What do you think of Russian involvement in Syria and Iraq? Do you think Russian and Chechen jihādists will use "Syraq" as a platform for domestic conflicts with Moscow?
This could be a future problem, however I expect Russia will defeat the jihādist groups as they did in the 1990s and early 2000s during the wars in Chechnya. The Russian government is not a Western government so it will be less concerned with collateral damage and human rights when it is warring with extremist cells in Russian territory. A Chencen uprising would will be a short-lived and bloody affair. Concerning Syria, I think that Russia will retreat from the Syrian theatre despite Russian military's expanded presence in Tartous and the rest of the country, its support for the Shiite powers and improved diplomatic relations with the Turkish government.
In contrast to Syria's catastrophe, Tunisia must have been a heavenly proposition for you. Following the revolution in 2011, you were in Tunisia several times, a country which was to be the catalyst for the Arab revolutions and a country which has witnessed momentous change since 2010. Do you think the revolution has succeeded or do you think it is still evolving?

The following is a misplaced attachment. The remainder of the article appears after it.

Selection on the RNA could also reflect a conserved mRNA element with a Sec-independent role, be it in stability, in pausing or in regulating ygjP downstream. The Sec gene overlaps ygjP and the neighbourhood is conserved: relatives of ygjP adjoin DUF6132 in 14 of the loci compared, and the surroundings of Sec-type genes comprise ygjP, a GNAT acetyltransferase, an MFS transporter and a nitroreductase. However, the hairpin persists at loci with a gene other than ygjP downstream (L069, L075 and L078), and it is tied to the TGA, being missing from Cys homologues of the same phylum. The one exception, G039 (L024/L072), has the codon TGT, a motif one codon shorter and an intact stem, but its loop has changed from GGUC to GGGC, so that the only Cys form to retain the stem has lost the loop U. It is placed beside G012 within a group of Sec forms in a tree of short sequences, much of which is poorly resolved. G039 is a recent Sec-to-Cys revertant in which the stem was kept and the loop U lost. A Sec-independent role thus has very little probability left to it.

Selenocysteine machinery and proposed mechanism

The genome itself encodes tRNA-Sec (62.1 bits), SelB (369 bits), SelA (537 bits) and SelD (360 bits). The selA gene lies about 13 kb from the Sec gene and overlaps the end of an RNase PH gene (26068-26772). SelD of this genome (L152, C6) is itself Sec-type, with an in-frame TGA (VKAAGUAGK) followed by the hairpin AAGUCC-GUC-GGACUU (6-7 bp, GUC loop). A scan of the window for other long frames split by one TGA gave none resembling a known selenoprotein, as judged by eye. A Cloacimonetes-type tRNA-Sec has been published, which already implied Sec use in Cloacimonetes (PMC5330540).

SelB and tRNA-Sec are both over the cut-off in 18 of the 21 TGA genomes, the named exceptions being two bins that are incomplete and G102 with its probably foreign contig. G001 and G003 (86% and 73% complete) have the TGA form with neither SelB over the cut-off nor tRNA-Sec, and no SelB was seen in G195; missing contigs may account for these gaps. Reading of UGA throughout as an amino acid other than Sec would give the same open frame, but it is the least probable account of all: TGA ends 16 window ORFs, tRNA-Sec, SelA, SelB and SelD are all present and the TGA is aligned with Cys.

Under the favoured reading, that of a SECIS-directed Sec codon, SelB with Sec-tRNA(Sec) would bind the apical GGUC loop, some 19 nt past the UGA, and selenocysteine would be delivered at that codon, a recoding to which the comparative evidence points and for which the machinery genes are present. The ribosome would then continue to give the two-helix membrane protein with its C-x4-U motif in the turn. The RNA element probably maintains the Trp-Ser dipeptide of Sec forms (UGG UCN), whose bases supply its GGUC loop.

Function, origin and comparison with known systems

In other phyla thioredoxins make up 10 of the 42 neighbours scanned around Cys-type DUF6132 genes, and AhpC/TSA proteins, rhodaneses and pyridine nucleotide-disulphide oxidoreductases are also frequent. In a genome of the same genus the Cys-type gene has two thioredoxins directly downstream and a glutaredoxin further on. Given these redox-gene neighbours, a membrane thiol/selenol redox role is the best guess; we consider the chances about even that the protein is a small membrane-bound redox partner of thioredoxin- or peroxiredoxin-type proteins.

Tunisia was the cradle of the Arab revolutions. There were many factors that led to the Tunisian revolution in 2011, the most important being the high level of education of the young Tunisians and the strong influence of Europe in the country which is geographically situated close to Italy were many Tunisians live. This indirectly influenced the situation inside Tunisia and encouraged the people to rise up against President Ben Ali. The revolution is still evolving and there are many problems to resolve in relation to corruption and the brutality of the security apparatus against activists and citizens which still utilises similar methods to that under Ben Ali's dictatorship. Despite this, I still believe there is still a democratic process which is leading the country in a good direction especially when you compare the country to Syria, Iraq, Libya, and Egypt. All the other countries since the Arab Revolutions have gone backwards while Tunisia is moving steadily forward and the only revolution which is working across the region.